Healthcare, and specifically biopharma, will be a more differentiated picture. The market has swerved from company to company based on their prospects for developing a vaccine. But most vaccine trials will flop so it is very risky to bet on a narrow set of healthcare stocks. Nevertheless, the sector in aggregate will be priced highly, especially as governments make significant investments into healthcare to help fight Covid-19 and to build future resilience.
By contrast, some sectors heavily dependent on consumer expenditure—many of which were already tending downwards pre-Covid—will get even cheaper. Oil and gas (O&G) valuations have been declining for a decade and will fall more sharply. Similarly, retail was one of the worst performing sectors of the S&P 500 pre-Covid. Sub-scale retailers that can’t compete online will fold.
There will be some surprises on the upside. Consumers may relieve cabin fever from being stuck at home, by going on local vacations by car and staying in hotels. Car manufacturers have been discounted in recent years due to falling ownership rates among the young, but they may regain lost ground due to Covid. Car traffic in China is back to 90% of normal levels, whereas public transport is still only at 50% because consumers feel safer in their car. In the EU, car sales are rising even as unemployment is increasing.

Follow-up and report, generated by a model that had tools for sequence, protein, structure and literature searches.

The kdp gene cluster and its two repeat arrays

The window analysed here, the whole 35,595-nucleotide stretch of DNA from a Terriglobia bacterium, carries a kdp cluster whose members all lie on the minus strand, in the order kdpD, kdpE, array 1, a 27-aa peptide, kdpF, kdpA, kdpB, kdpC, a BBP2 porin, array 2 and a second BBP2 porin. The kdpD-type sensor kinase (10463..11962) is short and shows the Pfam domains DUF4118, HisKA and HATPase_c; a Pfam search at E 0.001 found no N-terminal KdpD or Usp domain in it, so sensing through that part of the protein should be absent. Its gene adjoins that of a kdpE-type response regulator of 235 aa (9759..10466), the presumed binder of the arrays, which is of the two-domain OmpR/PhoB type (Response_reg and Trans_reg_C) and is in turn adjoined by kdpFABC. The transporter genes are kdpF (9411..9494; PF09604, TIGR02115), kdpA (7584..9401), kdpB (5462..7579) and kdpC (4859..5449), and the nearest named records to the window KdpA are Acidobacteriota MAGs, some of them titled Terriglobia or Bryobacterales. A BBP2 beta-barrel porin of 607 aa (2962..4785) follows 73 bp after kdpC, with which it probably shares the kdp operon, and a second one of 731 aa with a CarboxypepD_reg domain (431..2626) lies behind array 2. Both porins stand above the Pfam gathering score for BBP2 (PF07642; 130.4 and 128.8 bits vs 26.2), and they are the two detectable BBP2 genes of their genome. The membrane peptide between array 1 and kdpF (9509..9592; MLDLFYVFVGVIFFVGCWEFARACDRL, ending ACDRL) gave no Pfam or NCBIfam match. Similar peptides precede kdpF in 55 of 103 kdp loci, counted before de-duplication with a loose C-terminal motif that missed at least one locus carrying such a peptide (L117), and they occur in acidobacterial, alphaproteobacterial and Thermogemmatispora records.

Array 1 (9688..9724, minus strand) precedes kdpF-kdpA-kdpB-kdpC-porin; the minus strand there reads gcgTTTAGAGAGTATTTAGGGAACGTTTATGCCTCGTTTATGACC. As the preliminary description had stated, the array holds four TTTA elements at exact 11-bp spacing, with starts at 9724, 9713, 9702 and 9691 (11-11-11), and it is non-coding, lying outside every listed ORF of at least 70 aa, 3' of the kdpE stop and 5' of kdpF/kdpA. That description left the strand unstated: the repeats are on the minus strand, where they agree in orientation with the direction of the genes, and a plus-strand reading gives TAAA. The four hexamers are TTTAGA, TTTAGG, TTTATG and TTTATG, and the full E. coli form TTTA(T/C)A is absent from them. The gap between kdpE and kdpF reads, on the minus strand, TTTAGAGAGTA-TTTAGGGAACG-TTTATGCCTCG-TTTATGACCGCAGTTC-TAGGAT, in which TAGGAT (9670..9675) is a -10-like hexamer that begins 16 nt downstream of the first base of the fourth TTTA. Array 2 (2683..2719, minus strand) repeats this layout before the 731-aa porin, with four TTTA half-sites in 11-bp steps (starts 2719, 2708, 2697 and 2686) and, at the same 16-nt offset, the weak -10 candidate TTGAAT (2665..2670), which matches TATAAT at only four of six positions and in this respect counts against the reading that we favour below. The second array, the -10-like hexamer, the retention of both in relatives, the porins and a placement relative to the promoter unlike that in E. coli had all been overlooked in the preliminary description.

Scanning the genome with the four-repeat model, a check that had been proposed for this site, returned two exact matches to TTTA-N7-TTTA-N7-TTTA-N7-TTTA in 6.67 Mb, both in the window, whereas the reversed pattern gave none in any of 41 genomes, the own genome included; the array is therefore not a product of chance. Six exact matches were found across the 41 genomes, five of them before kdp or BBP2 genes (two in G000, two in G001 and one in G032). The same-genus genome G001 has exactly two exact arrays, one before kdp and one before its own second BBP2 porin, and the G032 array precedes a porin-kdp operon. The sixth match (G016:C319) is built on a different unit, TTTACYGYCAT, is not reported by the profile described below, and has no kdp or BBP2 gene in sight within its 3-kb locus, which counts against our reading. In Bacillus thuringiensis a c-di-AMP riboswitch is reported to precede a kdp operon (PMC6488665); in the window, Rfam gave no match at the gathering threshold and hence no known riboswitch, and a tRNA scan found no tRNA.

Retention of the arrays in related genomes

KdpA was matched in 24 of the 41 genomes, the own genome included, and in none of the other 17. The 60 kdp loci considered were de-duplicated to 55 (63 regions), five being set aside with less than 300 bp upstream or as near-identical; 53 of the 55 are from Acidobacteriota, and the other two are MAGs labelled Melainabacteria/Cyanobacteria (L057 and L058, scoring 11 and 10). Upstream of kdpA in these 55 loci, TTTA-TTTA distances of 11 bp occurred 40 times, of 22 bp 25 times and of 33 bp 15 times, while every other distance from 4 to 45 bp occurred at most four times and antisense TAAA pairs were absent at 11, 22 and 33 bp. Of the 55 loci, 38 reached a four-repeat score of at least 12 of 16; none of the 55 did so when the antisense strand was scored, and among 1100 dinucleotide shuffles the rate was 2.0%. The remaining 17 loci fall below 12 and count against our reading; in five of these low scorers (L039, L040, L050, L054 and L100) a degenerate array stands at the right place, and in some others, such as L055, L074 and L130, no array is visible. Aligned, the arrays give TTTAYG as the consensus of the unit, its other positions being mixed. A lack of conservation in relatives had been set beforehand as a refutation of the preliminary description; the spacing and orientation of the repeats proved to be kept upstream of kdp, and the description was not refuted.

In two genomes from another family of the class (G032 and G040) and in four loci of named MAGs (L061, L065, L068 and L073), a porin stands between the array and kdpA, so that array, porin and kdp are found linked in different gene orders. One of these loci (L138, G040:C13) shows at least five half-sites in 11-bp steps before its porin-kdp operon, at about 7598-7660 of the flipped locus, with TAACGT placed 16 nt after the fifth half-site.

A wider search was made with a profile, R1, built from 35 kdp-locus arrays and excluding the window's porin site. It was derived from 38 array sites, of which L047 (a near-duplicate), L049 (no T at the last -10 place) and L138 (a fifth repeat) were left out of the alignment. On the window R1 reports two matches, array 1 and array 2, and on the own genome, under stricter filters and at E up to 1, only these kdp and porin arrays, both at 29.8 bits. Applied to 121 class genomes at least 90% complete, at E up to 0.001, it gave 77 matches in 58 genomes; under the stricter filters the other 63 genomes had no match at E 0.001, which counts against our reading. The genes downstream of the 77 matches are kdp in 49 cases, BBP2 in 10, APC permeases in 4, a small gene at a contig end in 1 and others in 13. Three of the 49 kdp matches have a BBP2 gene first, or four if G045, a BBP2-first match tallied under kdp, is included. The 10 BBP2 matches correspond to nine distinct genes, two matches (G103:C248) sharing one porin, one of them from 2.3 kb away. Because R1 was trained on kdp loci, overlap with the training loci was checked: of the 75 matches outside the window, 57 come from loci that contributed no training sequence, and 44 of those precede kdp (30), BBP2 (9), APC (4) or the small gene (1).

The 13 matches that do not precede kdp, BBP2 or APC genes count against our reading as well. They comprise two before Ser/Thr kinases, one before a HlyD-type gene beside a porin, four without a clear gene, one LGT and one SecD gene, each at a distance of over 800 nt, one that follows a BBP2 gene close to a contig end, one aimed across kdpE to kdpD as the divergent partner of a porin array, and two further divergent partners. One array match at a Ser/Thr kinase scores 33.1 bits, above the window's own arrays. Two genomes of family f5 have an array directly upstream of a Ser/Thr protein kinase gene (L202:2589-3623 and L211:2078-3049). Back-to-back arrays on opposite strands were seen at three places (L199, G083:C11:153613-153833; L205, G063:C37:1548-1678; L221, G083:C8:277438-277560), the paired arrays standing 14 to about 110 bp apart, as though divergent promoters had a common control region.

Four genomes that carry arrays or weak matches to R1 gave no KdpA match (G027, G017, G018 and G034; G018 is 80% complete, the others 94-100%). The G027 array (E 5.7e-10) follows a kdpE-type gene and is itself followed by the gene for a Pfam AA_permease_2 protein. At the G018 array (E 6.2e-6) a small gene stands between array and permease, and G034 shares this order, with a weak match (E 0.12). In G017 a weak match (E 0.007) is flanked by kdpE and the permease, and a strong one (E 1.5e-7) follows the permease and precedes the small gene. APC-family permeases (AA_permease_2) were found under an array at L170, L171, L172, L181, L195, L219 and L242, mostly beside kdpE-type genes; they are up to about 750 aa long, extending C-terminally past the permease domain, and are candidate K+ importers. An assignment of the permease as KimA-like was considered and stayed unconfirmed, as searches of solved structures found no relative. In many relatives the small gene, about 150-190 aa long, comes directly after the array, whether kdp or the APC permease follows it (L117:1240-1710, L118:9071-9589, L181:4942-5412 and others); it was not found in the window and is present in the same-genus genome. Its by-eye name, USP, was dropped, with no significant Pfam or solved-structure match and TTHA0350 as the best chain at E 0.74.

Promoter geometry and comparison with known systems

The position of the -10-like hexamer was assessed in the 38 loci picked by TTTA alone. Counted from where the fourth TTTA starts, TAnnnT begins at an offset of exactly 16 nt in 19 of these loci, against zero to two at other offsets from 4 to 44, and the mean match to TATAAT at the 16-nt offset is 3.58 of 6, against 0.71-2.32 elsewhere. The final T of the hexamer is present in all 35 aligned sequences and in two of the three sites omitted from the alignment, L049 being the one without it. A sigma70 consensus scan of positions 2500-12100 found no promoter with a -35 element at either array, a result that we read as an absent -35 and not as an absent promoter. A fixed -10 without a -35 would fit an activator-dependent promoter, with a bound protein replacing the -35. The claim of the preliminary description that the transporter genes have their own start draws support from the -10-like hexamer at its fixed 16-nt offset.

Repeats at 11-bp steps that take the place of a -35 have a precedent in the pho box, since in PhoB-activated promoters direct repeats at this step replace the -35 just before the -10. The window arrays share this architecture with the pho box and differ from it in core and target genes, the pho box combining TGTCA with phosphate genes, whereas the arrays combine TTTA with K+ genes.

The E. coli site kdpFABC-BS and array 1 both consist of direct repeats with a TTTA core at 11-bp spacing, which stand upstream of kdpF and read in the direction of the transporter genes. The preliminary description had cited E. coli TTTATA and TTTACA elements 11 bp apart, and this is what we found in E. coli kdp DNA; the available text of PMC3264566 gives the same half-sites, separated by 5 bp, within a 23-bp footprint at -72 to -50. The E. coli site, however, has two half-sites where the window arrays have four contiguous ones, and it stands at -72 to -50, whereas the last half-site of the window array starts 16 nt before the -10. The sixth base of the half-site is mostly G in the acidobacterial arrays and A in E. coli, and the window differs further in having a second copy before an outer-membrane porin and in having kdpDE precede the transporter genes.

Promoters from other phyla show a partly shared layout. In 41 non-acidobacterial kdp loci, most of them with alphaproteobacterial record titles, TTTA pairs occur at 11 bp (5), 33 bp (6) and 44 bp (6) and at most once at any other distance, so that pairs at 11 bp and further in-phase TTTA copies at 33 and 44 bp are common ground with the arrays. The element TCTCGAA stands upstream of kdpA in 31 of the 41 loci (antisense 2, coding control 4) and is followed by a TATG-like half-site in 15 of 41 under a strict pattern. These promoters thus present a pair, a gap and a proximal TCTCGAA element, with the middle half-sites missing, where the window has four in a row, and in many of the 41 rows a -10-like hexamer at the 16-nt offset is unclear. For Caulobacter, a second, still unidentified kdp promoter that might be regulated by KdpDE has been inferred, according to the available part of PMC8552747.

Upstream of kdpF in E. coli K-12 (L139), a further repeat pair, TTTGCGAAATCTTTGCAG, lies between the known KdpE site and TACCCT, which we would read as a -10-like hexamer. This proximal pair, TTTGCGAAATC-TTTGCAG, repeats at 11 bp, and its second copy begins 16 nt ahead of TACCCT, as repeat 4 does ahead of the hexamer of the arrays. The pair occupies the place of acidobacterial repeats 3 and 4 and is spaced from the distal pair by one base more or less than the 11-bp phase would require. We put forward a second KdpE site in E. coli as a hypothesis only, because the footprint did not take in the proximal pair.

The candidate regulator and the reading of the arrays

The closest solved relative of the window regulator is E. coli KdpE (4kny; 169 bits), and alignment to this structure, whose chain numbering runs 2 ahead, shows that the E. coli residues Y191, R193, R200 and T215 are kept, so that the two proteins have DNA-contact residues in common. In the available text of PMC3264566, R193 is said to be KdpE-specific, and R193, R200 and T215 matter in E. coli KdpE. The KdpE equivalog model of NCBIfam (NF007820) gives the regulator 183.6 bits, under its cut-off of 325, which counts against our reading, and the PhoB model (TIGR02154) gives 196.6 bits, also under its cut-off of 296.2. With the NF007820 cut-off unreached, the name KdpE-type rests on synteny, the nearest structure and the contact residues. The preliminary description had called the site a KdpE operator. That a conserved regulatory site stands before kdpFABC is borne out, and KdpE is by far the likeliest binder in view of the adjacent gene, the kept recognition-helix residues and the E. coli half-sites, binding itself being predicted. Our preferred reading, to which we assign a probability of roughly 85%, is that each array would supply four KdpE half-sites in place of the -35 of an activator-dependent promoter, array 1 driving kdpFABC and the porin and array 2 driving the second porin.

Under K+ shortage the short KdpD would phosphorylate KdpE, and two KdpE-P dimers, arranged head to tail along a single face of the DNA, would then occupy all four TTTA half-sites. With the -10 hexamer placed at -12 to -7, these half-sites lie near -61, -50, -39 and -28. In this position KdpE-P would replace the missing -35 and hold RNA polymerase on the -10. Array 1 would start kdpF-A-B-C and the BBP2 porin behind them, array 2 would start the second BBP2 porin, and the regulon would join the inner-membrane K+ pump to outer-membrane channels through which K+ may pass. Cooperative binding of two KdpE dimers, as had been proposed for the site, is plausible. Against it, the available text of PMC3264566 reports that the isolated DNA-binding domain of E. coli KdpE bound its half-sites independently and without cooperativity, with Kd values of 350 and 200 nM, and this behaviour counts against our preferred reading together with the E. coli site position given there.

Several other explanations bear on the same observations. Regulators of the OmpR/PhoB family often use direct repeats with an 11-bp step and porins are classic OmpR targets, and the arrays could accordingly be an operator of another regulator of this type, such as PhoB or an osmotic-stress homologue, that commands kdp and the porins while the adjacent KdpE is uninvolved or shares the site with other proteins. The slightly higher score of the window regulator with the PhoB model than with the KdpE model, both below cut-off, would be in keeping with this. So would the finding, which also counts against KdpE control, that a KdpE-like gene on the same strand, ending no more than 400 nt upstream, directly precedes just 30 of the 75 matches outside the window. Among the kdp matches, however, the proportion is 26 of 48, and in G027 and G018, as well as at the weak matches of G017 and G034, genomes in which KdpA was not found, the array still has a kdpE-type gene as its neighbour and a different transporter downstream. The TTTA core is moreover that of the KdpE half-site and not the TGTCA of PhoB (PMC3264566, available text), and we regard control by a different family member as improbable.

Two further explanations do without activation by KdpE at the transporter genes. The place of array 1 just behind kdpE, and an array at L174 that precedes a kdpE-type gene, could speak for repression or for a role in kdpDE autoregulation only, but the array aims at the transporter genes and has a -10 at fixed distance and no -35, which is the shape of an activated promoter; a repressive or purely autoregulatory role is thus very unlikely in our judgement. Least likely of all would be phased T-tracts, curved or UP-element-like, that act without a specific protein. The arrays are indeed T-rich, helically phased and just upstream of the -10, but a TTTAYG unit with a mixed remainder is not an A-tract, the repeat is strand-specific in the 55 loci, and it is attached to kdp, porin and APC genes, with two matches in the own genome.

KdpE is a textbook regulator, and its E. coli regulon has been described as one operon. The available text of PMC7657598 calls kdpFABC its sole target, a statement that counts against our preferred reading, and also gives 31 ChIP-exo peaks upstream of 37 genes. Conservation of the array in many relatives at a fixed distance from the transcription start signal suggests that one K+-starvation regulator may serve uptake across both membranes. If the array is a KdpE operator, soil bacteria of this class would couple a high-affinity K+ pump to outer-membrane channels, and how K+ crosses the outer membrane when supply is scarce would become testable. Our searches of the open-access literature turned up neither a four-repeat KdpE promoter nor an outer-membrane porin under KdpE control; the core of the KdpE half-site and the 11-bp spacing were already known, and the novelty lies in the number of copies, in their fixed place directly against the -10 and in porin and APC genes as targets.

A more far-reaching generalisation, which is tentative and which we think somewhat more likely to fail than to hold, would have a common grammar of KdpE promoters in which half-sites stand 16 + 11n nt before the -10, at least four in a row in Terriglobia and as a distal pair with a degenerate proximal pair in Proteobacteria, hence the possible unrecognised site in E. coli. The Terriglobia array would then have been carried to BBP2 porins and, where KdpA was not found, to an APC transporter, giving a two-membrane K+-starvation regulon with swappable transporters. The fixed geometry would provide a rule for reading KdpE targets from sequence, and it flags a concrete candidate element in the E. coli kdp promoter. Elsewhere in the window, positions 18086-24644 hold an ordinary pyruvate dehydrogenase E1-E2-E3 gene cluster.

The mid-cap segment will be a story of access—or lack thereof—to credit. Before the crisis, mid-cap companies had gorged on debt from so-called business development corporations (BDCs)—in effect, shadow banks—racking up debt levels not seen since the internet bubble in the late 1990s/ early 2000s. Moody’s recently downgraded BDCs, which typically have a 70%-90% leverage ratio, from stable to negative, because many of them have lent to more vulnerable sectors like O&G exploration, leisure, entertainment, retail, and travel.
Post-Covid, many mid-cap firms in these sectors will fold as they are shut out from credit markets. Many exploration companies, which often run debt to equity ratios in the 50%-90% range, will struggle due to crashing oil prices and falling oil demand. On the retail and travel side, big names like J.Crew, Neiman Marcus, Gold’s Gym, and Virgin Australia have already gone bankrupt.
To add to these woes, economists are skeptical that the federal government’s $600 billion Main Street Lending Program will reach many mid-cap companies because the lending criteria are too risk-averse. Even healthier mid-cap companies may have to resort to reducing dividends or selling assets to survive.